Measuring Process Performance – Average and Variation

Process performance is universally described in practice by collecting data and calculating the mean (i.e. the mathematical average) performance.  Unfortunately, the variation around the mean is almost never included when describing process performance.  This is a critical oversight that is addressed by the Six Sigma methodology.
Let me illustrate with an example that I often use in the classroom.    One of the critical performance metrics in the airline industry is on time departure.  Performance is measured by comparing the scheduled time of departure to the actual time of departure.  The actual time of departure is defined as the time that the plane is pushed away from the boarding gate.  In this example, a number of data points were collected for Airline A and for Airline B.   In the case of Airline A, flights depart an average of 10 minutes late.  In the case of Airline B, flights depart an average of 20 minutes late.
When presented with this information, and only this information, students always indicate that they prefer the performance of Airline A.   However, the average performance only tells part of the story.  What we know about the average value is that half of the time the performance is better than average, and half of the time the performance is worse than average.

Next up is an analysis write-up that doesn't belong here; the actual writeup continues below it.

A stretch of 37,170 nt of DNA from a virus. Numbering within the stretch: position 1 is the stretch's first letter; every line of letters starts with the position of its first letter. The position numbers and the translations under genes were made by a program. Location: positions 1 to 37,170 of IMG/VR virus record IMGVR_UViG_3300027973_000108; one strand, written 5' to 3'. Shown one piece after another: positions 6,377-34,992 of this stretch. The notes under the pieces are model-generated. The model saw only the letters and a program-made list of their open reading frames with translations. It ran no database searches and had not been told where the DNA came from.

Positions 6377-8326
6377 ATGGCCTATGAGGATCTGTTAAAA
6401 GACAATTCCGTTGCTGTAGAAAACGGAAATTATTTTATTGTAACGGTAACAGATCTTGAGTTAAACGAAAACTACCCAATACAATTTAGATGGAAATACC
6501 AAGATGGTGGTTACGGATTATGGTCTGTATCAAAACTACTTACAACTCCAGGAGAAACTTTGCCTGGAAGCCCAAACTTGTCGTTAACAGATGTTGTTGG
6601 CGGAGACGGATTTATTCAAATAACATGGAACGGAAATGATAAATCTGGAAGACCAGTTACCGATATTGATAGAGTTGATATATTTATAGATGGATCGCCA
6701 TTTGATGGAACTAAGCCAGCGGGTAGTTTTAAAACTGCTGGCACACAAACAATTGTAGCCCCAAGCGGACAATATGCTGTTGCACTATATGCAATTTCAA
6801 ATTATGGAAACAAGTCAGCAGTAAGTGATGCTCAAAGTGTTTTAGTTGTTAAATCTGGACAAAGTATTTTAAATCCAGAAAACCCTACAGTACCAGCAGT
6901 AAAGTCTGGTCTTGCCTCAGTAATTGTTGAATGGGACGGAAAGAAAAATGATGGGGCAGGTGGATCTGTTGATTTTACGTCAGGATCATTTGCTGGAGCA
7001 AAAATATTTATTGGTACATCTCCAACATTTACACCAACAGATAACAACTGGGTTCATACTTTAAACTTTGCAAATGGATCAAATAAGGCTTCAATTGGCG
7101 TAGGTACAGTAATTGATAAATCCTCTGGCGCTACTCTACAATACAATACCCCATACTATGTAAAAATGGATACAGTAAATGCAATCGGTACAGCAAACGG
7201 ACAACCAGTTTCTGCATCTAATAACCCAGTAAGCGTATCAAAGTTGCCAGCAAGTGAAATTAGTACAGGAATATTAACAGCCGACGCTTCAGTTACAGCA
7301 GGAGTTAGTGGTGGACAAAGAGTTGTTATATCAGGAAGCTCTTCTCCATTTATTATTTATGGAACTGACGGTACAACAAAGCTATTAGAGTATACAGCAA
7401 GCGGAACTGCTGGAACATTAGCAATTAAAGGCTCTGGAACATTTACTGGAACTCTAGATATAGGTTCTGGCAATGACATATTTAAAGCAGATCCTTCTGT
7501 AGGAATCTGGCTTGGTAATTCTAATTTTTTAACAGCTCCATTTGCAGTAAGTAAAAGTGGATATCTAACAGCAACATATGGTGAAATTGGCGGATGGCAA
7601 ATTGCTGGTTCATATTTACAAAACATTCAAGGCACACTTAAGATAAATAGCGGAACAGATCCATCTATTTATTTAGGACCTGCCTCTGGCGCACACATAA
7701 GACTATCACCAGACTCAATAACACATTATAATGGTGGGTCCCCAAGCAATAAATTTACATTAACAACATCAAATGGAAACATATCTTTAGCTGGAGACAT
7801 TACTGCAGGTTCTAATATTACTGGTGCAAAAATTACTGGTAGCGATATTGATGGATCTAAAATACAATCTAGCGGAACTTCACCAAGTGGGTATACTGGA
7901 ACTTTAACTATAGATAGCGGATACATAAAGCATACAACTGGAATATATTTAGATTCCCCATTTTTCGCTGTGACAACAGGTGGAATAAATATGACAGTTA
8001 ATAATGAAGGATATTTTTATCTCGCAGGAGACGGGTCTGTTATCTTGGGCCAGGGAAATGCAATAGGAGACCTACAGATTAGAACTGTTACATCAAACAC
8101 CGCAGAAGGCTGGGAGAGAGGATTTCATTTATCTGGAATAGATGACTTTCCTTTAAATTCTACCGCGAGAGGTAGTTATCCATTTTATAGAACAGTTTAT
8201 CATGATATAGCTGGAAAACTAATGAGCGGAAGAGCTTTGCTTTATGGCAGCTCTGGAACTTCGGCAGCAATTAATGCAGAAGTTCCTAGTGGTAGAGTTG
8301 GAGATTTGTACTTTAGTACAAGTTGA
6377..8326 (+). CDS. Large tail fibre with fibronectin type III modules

For the purposes of this discussion, we will assume that the data in both cases is normally distributed and that flights can and do depart early.  Further analysis of the data shows that airline A has a huge amount of variation around the mean, while Airline B has very little variation.   Variation is typically described by calculating the standard deviation of the data.  In our example, Airline A has a standard deviation of ten minutes and Airline B has a standard deviation of one minute.  The impact is that Airline A’s flights can be expected to depart anywhere between 20 minutes before the scheduled time of departure and 40 minutes after the schedule departure.  Airline B’s flights can be expected to depart 20 minutes after the scheduled departure, plus or minus three minutes.
In light of this additional information, which airline do you now prefer?  Students now choose Airline B.  They are not willing to arrive at the gate only to find out that a flight operated by Airline A departed prior to the scheduled time, nor are they willing to wait for an excessive amount of time.  Airline B is preferred because the variation in performance is small.
The lesson here is that when describing process performance and when working on process improvement, the amount of variation in performance is at least as important (if not more important) than the average performance.
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About the author:  Mr. Roger C. Ellis is an industrial engineer by training and profession.  He is a Six Sigma Master Black Belt with over 45 years of business experience in a wide range of fields.  Mr. Ellis develops and instructs Six Sigma professional certification courses for Key Performance LLC.   For a more detailed biography, please refer to